Even the crushing of the Prague Spring by the tanks of the Warsaw Pact in August 1968 did not end Pelikn's career, despite his removal as television chief. He was named cultural attache at the Czechoslovak embassy in Rome, a post he held throughout the "normalisation" (the reimposition of orthodox Communism).
It was only in September 1969, when he was recalled to Prague, that he declined to return to his native land, announcing his decision in The Times. He decided to remain in Italy, where he received political asylum. After being stripped of his Czechoslovak citizenship he was naturalised as an Italian.
In exile he earned his living as a writer and commentator, and published a series of books on post-war Czechoslovak political history (in which he had played a part). In 1971 he founded a leftist emigre journal, Listy, billed as the "Journal of the Czechoslovak Socialist Opposition", which he continued to publish (from 1989 in Prague) until 1997. It was not long before he found his feet as an Italian politician, being elected to the European parliament in 1979 on an Italian Socialist Party ticket. He served two terms as an MEP.
Born in Moravia into a family of artists and intellectuals, he was the son of the sculptor Julis Pelikn. The late 1930s were eventful for his country and for him. In 1938, Moravia and Bohemia jointly became an autonomous unit within Czechoslovakia. The following year Nazi Germany seized control of Czechoslovakia and designated Bohemia and Moravia a German protectorate.
Pelikn joined the Czech Communist Party in 1939 and became active in the anti-German resistance movement and was soon jailed by the Gestapo. From 1941 until the end of the occupation he lived in hiding. His parents were arrested in reprisal and his mother perished in a Nazi concentration camp.
During studies in Prague after the war, Pelikn was active in Communist student groups both before and after the Communist coup of 1948. He became the head of a party youth commission which screened students for admission to universities and denied entry to thousands of non-Communists. Pelikn later called the episode the "greatest shame" of his life.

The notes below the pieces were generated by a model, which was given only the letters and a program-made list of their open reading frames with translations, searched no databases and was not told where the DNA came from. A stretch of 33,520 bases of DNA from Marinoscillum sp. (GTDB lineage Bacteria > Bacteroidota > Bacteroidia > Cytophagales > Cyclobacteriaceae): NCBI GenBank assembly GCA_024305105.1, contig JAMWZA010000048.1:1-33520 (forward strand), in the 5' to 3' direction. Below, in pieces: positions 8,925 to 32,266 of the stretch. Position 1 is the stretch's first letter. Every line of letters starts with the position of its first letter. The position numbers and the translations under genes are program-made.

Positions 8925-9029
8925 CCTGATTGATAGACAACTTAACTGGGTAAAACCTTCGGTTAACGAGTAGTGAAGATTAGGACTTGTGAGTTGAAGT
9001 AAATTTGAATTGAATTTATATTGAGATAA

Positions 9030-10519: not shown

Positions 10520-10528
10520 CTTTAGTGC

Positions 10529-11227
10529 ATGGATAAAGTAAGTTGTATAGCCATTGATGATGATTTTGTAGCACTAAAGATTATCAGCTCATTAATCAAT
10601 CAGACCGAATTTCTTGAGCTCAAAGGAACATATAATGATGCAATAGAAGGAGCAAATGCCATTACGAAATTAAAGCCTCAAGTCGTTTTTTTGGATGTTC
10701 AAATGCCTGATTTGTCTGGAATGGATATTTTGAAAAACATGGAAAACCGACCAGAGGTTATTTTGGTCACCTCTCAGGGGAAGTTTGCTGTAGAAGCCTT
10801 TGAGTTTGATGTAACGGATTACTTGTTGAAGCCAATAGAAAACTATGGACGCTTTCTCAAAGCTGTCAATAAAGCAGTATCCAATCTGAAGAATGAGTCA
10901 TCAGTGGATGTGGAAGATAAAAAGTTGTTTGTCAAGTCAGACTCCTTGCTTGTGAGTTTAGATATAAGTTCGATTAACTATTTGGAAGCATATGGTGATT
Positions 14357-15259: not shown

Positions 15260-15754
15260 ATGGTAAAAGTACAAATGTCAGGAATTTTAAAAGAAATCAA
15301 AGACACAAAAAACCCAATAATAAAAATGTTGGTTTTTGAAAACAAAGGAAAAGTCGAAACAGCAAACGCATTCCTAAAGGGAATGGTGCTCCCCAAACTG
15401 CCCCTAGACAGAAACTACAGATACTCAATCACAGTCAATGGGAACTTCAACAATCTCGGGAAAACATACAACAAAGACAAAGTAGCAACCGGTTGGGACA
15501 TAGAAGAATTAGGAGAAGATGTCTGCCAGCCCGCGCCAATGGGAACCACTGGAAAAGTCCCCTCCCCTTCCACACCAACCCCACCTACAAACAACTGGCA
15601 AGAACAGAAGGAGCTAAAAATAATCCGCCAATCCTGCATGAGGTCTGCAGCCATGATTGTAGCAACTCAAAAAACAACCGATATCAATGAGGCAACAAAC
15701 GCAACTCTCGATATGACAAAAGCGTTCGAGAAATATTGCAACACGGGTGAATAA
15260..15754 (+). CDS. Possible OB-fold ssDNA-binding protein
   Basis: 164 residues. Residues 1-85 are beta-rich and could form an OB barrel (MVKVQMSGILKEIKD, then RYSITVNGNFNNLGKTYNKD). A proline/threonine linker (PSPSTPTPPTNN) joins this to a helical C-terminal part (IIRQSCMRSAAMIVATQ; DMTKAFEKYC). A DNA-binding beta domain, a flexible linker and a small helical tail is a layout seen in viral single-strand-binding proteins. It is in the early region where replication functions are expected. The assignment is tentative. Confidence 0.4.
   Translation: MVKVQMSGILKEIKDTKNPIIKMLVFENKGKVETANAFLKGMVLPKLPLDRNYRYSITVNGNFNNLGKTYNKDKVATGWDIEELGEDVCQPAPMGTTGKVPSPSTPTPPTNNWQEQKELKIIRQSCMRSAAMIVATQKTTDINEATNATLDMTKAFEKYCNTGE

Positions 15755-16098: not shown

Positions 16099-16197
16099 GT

In the 1950s and 1960s he held numerous party posts (including ideological and propaganda posts, a parliamentary seat and an eight-year term as president of the Prague-based International Union of Students). His highest post came in August 1968, when he was elected to the party Central Committee at the "secret congress" in Vysocany that took place days after the invasion.
Following his refusal to return to Prague in 1969 and his support for the leftist opposition to the Communist government, the Czechoslovak regime vented its anger on him with the venom reserved for betrayal by one of its own. He was vilified in the state-run press. In 1972, the party newspaper, Rude Prvo, alleged that Pelikn had sent "written materials and instructions to Czechoslovakia inciting hostile individuals and groups to anti-state activities".
The secret police, the StB, was believed to have been behind a number of attacks, including a letter bomb mailed to him in 1975. He escaped injury when he noticed smoke coming out of the half-opened package and threw it into an adjoining room as it burst into flames. This did not deter him from political involvement in his homeland. In 1977 he made a clandestine return visit - a highly risky undertaking that nearly saw him kidnapped by the authorities.
The end of Communist rule in Czechoslovakia in 1989 allowed him to return and the following year he joined the motley crew of advisers to the newly elected president, Vclav Havel. However, his dubious past as a Communist functionary and allegations that he had collaborated with the Gestapo soured his last years. When he received the Order of Merit from Havel last year these accusations were revived.
A warm, energetic man, Pelikn never lost his commitment to the "historic battle of the Czechoslovak socialist opposition", as he described it in the 1970s, however discredited that later became.
Showing only limited regret for his part in the Communist repressions, he remained a child of 1968. The aim of the Prague Spring had been, he wrote in 1970, "to rid socialism in Czechoslovakia of its inhumanity". He was saddened that the aim of the new revolution of 1989 turned out to be to rid Czechoslovakia of socialism.
Jir Pelikn, politician: born Olomouc, Czechoslovakia 7 February 1923; married Jitka Frantov; died Rome 26 June 1999.Reuse content